In light of the recent video that showed a young child pull a dresser onto himself, here is a reminder about furniture safety in a child’s bedroom, and of course, throughout the home.
As a general rule, all furniture, including cribs, changing tables, playpens, dressers and similar items, should meet the most current government standards. Items that do not meet current safety standards can be dangerous. So look for furniture that meets current standards to minimize a child’s chances of injury.
As we saw in the recent video that has gone viral, children can and indeed have been injured trying to climb freestanding furniture like wall unit shelves and dressers. So it is important to take the necessary preventative precautions.
We also need to be careful with furniture in other parts of the home a child frequents. Of course, an important general injury prevention strategy is to always supervise children in the home and teach them not to climb on or hang from furniture.
Here are some other general tips adapted from Health Canada:
• Furniture, such as bookcases, cabinets, television stands, and dressers, should have a wide and stable base that sits directly on the floor. Models with legs or wheels are more likely to tip over.
• Attach furniture to the wall if possible, using the appropriate angle braces, anchors or safety straps. If these items come with the product, follow the manufacturer’s instructions for installation.
• When buying a dresser, look for one that meets the requirements of the current ASTM International Standard (F2057). Know before you buy: check the label, visit the manufacturer’s website, or ask the retailer to find out if the dresser you have selected meets this standard.
• Place televisions far back on low stable furniture that is designed to hold the weight and size of the television. Attach the television to the stand, if possible; I have seen children who have actually pulled the TV off the shelves onto themselves.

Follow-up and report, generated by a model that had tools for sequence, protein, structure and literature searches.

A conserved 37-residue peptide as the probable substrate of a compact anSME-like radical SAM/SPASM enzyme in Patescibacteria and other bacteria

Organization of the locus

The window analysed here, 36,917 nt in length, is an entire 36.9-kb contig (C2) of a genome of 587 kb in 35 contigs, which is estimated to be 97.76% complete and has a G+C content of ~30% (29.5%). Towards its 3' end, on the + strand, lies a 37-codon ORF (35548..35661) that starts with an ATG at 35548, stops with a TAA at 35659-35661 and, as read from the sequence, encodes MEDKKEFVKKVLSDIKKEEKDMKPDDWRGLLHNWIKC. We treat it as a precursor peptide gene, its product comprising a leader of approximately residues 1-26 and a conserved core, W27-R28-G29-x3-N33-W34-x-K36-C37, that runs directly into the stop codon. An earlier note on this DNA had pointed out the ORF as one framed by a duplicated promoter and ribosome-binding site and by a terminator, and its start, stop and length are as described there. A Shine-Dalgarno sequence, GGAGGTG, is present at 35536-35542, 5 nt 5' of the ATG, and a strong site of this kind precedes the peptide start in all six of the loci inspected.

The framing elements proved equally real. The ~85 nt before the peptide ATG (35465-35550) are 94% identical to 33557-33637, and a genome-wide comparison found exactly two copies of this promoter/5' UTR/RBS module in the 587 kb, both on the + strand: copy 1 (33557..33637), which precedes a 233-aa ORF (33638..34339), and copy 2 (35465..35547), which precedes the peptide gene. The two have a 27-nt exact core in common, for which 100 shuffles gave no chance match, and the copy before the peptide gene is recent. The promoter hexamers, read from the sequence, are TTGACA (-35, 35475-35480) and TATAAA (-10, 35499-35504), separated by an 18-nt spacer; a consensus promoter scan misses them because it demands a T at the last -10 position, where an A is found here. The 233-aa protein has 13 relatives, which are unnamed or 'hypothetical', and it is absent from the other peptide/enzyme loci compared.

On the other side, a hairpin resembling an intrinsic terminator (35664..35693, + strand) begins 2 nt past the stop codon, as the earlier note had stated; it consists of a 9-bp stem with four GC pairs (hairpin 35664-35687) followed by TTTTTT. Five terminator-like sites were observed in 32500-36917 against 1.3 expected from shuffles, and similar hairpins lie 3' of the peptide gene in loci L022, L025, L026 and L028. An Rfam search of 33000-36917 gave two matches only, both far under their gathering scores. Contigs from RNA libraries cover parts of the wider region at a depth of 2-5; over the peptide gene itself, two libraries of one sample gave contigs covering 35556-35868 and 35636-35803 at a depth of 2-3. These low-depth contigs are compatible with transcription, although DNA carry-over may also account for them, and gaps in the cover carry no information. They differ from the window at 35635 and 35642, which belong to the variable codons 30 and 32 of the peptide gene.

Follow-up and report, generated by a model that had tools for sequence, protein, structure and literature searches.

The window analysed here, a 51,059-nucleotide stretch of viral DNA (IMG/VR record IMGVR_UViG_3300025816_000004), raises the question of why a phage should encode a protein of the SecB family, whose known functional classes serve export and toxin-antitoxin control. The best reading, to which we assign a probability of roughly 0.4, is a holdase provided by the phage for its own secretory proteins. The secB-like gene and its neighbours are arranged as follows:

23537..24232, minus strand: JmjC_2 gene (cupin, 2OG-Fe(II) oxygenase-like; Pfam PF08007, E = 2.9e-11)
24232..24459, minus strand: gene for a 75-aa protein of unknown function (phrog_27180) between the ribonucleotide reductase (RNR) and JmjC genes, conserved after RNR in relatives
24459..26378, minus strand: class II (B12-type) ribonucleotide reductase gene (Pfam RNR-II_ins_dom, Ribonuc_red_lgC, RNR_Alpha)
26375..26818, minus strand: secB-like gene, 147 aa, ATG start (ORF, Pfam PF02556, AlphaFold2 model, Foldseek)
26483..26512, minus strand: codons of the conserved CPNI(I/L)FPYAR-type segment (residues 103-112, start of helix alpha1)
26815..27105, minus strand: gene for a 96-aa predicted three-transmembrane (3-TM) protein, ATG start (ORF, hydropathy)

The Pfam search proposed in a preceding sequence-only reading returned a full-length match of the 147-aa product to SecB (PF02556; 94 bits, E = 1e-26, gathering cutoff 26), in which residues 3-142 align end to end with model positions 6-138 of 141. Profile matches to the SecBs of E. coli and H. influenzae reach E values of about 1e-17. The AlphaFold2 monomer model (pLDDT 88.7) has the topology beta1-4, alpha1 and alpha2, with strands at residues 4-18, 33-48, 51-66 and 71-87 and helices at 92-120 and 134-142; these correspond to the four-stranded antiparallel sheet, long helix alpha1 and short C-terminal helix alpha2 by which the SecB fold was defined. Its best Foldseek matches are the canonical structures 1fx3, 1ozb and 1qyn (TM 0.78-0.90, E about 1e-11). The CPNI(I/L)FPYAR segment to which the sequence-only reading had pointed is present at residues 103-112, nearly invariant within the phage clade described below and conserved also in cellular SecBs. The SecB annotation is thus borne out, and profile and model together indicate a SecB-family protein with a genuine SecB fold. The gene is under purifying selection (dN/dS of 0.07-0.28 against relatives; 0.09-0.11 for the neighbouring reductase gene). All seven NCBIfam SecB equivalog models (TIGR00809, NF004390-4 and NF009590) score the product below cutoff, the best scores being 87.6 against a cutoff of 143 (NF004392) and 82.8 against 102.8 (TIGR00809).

• Do not place items that may appeal to a child, such as toys, plants and remote controls, on top of a television or tall furniture.
• Do not place heavy items on top of elevated surfaces.
• Regularly check that furniture, televisions and appliances are stable and secure and that electrical cords are out of children’s reach.
• For furniture with drawers, only open one drawer at a time to reduce the chance that it will tip over; completely close all drawers when not in use so they cannot be used as steps by a child; place heavier items in lower drawers; and install locking devices on each drawer if you have young children.
• Do not assemble and use the furniture if instructions are not provided or if you cannot follow the instructions.
• Verify a product’s label, visit the manufacturer’s website or ask the retailer to find out what safety features are available for the furniture you are considering.
Pediatrician and health communications pioneer Dr. Paul Roumeliotis has produced of hundreds of articles, booklets and videos on a variety of child health issues. His highly acclaimed, groundbreaking book for parents focusing on the importance of the first 18 months of life, Baby Come Home, was released early in 2015 and is an Amazon bestseller. Visit www.drpaul.com and follow Dr. Paul on Twitter:@thedrpaul.